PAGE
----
Learning Centers: Kitchen, Doll House & Home Centers

“Dramatic play” centers like the “kitchen center,” “dollhouse,” and “home/baby” centers provide opportunities for children to recreate life experiences—exploring the roles of people and structures in their family and community.  This is the teacher’s opportunity to learn about the child, and relate the gospel to all of life.

Kitchen Center: Use the Center:

  • Ask Questions: Do you like to help your mom and dad with chores?  What do you help with?  What is your favorite food?  What kind of food are you making? 
  • When kids set the table to eat, ask them to pray before their “meal.”
  • Encourage the kids to take turns and share at the table.  When a child takes a toy from another, encourage asking for and extending forgiveness. 

Continue Reading…

Jesus Storybook Bible Videos

Thursday Book Club: Family Equipping Ministry

Tuesday/Thursday Book Club:perspectives-on-family-ministry
Perspectives on
Family Ministry

“Family-Equipping Ministry: Church & Home as Co-Champions,”

chapters 9-10

This is the final book club installment for the volume Perspectives on Family Ministry Here is a series of links to the entire series:

In the final two chapters, the Family-Equipping model of ministry is advocated by Jay Strother, Emerging Generations Minister at Brentwood Baptist Church in the Nashville, TN, area.  I was privileged to meet Jay at a conference at the Connecting Church & Home conference at his church this past Summer, and he has been invaluable to our children’s ministry as we made plans to launch our first multi-site this year.

Jay begins his chapter with the usual complaints about the contemporary youth/family ministry situation.  He notes that “despite strong interest in religion and even active participation in vibrant churches, millions of students in our ministries were unable to articulate even the most basic tenets of Christian faith… Despite all the investments and supposed advances in age-organized ministries over the past thirty years, churched children and youth are growing up less likely than ever before to have a biblical perspective on life” (141).  While these complaints are usual, I want to agree with Jay that they are serious.  I think that our kids’ inability to articulate doctrine is somewhat more serious than the dropout statistics often referenced.  As I read to this point in Jay’s chapter, I found myself wondering, “Yes, but is this a problem with our philosophical model or merely a problem with the content that we’re teaching?”  Jay’s answer is “Both.” Continue Reading…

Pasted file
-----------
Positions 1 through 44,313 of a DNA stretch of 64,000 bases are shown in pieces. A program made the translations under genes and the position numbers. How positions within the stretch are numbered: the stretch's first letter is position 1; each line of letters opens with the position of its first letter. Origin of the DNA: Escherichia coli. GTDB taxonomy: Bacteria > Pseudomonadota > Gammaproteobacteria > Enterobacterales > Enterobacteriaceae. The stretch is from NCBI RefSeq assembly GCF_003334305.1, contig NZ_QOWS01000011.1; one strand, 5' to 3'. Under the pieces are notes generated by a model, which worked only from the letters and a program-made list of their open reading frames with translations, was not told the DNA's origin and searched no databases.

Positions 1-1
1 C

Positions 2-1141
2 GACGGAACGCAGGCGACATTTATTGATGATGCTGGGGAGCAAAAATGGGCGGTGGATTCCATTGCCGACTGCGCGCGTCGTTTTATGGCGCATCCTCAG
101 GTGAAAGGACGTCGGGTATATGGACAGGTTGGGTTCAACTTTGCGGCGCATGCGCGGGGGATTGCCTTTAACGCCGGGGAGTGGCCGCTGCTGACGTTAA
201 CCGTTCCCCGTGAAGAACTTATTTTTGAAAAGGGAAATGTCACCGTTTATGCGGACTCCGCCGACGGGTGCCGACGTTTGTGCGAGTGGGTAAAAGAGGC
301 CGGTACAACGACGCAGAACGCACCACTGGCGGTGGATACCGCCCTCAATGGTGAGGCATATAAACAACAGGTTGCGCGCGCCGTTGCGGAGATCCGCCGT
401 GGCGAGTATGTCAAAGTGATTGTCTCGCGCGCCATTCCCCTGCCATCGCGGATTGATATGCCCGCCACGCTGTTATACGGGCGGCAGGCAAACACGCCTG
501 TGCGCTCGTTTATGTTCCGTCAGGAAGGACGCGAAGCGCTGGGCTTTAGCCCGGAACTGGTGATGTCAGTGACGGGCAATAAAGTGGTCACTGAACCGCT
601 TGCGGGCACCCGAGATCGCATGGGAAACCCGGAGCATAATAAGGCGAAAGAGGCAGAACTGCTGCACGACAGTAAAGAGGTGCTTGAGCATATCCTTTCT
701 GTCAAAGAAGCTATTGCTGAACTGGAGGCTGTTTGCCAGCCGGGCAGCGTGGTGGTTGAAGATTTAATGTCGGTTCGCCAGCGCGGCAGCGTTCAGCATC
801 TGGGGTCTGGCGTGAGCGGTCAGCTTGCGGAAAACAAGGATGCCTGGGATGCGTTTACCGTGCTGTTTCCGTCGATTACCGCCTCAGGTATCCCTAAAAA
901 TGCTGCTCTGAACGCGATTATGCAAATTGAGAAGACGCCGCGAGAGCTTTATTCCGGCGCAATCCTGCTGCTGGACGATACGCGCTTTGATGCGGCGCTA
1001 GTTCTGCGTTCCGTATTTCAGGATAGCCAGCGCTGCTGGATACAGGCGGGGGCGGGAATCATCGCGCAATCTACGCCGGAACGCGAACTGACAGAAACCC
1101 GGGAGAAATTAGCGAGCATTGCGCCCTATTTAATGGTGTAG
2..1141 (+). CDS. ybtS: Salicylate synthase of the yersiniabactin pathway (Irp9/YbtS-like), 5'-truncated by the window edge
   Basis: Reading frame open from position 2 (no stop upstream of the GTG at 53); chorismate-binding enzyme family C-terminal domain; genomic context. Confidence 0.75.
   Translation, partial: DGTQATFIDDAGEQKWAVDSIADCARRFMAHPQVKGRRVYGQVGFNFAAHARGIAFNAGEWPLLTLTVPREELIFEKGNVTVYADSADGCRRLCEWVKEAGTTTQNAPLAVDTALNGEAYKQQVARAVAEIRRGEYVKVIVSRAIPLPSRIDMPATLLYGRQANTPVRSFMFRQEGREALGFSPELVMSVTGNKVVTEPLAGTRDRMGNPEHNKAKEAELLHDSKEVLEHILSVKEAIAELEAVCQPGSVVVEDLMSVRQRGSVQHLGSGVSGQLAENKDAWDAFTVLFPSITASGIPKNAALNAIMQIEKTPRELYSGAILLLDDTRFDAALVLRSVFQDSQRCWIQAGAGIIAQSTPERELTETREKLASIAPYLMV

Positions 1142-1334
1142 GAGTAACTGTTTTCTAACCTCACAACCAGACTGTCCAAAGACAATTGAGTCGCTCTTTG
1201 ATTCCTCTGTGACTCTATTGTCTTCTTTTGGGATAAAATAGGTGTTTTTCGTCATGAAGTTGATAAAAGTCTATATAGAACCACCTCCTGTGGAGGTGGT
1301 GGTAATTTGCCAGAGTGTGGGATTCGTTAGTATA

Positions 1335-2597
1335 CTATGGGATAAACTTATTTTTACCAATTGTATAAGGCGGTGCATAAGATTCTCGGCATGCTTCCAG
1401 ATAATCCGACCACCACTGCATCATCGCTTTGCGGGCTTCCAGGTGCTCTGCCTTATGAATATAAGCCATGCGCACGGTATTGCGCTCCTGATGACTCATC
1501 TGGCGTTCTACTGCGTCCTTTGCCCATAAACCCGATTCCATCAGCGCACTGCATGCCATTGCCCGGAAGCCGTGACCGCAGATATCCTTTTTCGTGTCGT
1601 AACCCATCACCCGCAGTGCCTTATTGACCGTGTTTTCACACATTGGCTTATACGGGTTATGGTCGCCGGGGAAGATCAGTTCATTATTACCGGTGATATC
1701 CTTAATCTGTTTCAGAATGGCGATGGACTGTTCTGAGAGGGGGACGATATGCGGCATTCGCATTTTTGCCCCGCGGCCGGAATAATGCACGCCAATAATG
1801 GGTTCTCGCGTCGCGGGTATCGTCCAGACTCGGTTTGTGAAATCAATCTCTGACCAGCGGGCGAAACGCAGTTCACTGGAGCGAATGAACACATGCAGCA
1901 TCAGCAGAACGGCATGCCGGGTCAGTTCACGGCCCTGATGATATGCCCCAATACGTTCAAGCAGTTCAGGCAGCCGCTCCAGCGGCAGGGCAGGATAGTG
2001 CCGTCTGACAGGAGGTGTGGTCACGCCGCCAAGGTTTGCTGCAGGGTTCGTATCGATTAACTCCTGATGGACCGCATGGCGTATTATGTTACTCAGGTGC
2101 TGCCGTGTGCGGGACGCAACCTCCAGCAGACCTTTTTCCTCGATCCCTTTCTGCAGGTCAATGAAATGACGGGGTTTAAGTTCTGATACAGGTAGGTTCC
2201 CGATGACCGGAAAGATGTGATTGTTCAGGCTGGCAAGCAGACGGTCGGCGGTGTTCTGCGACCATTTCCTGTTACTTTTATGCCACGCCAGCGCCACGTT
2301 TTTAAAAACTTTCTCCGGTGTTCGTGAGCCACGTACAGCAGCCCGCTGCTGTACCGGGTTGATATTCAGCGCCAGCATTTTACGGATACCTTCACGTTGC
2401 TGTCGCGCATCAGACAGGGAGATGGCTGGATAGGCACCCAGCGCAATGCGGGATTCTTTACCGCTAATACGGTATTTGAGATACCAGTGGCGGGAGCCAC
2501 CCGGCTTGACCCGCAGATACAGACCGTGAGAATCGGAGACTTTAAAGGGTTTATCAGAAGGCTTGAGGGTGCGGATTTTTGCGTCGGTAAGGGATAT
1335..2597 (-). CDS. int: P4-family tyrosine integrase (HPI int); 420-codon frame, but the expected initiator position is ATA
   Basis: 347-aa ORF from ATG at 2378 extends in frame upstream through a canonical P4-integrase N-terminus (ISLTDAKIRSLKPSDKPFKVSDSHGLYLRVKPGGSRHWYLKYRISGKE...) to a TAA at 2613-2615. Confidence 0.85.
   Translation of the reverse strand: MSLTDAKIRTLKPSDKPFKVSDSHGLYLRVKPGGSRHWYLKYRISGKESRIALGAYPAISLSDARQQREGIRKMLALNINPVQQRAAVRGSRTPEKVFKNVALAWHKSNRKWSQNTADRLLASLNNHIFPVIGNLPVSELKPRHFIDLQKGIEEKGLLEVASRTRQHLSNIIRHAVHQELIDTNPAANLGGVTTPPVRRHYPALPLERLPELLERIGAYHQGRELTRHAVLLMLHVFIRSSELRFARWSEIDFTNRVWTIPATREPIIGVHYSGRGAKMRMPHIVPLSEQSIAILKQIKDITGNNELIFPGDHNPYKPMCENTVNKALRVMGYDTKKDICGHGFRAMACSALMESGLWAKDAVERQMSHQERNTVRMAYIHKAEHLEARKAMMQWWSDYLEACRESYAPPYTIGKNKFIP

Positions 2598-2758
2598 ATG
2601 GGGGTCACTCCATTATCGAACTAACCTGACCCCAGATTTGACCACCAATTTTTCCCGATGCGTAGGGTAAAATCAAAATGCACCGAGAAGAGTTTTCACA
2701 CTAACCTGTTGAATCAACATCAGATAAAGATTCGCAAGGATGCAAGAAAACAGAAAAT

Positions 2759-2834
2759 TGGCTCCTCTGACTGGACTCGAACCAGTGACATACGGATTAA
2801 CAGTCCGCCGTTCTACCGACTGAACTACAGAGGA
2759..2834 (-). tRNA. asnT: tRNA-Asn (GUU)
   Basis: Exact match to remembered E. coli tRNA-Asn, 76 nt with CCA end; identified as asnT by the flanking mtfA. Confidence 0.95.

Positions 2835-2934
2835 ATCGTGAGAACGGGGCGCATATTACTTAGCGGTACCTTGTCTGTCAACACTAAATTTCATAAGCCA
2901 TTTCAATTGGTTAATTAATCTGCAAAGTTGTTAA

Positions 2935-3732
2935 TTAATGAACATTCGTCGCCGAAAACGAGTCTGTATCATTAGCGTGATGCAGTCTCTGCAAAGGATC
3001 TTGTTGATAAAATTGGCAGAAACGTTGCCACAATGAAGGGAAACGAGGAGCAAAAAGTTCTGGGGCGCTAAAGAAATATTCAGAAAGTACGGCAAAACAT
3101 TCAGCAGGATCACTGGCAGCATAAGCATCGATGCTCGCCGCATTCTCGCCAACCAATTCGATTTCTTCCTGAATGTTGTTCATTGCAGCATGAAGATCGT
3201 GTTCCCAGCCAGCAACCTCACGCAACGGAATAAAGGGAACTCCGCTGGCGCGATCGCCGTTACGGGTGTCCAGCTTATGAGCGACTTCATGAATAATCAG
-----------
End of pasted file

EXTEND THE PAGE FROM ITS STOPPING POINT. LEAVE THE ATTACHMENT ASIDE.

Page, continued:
What Church Leaders Can Learn from Sesame Street

Sesame Street was effective because the program didn’t just contexutalize to the present; it contextualized to the future.

Remember, after all, when the show started. It was in 1969, the era of George Wallace and the Black Panther Party and campus race riots and the Richard Nixon “Southern Strategy.” From the very start, the program showed kids what few of them had ever seen before: a racially integrated neighborhood.

Now, Sesame Street could have done this with preachy didactic dialogue (kind of like Norman Lear’s Maude series). But instead, they showed kids racial equality, and made it normal for them, without ever saying much about it in the process.

As I read that, it struck me that, years before my Mississippi elementary school was integrated via busing, I’d seen African-American and Latino characters (such as “Gordon” and “Maria”) functioning as equal members of a society, on the television screen of my home.

“It’s almost too perfect that the first African-American president of the United States was elected in time for the 40th anniversary of Sesame Street,” the New York Times says. “The world is finally beginning to look the way that PBS show always made it out to be.”

What would happen if, whenever our culture saw love or reconciliation or peace, our neighbors said, “This is exactly the way that church always made life out to be?”

I wonder what would happen if our churches were to recognize our role in showing people the future, not just in our teaching and in our going but in our being? What kind of witness could we be to our communities, as fragmented as they are by race and class and economics and politics, if the very makeup of our congregations signaled the “manifold wisdom of God” (Eph. 3:10) in which “here there is no Greek nor Jew, circumcised nor uncircumcised, barbarian, Schythian, slave nor free, but Christ is all and in all” (Col. 3:11)?

via Moore to the Point by Russell D. Moore.  Read the full article.

Block City & Train/City Centers

“Dramatic play” centers like the “block city” & “train/city center” provide opportunities for children to recreate life experiences—exploring the roles of people and structures in their family and community.  This is the teacher’s opportunity to learn about the child, and relate the gospel to all of life.

Use the “Block City” Center:

  • Ask Questions: What are you building (tower, fire house, church, school)?  Where have you seen that kind of building before?  Have you ever been there?
  • Block buildings fall down.  Teach kids about how things in this world break, but God will build everything again so that it never falls down.
  • Kids knock down block buildings.  When this happens, encourage asking for and extending forgiveness. Continue Reading…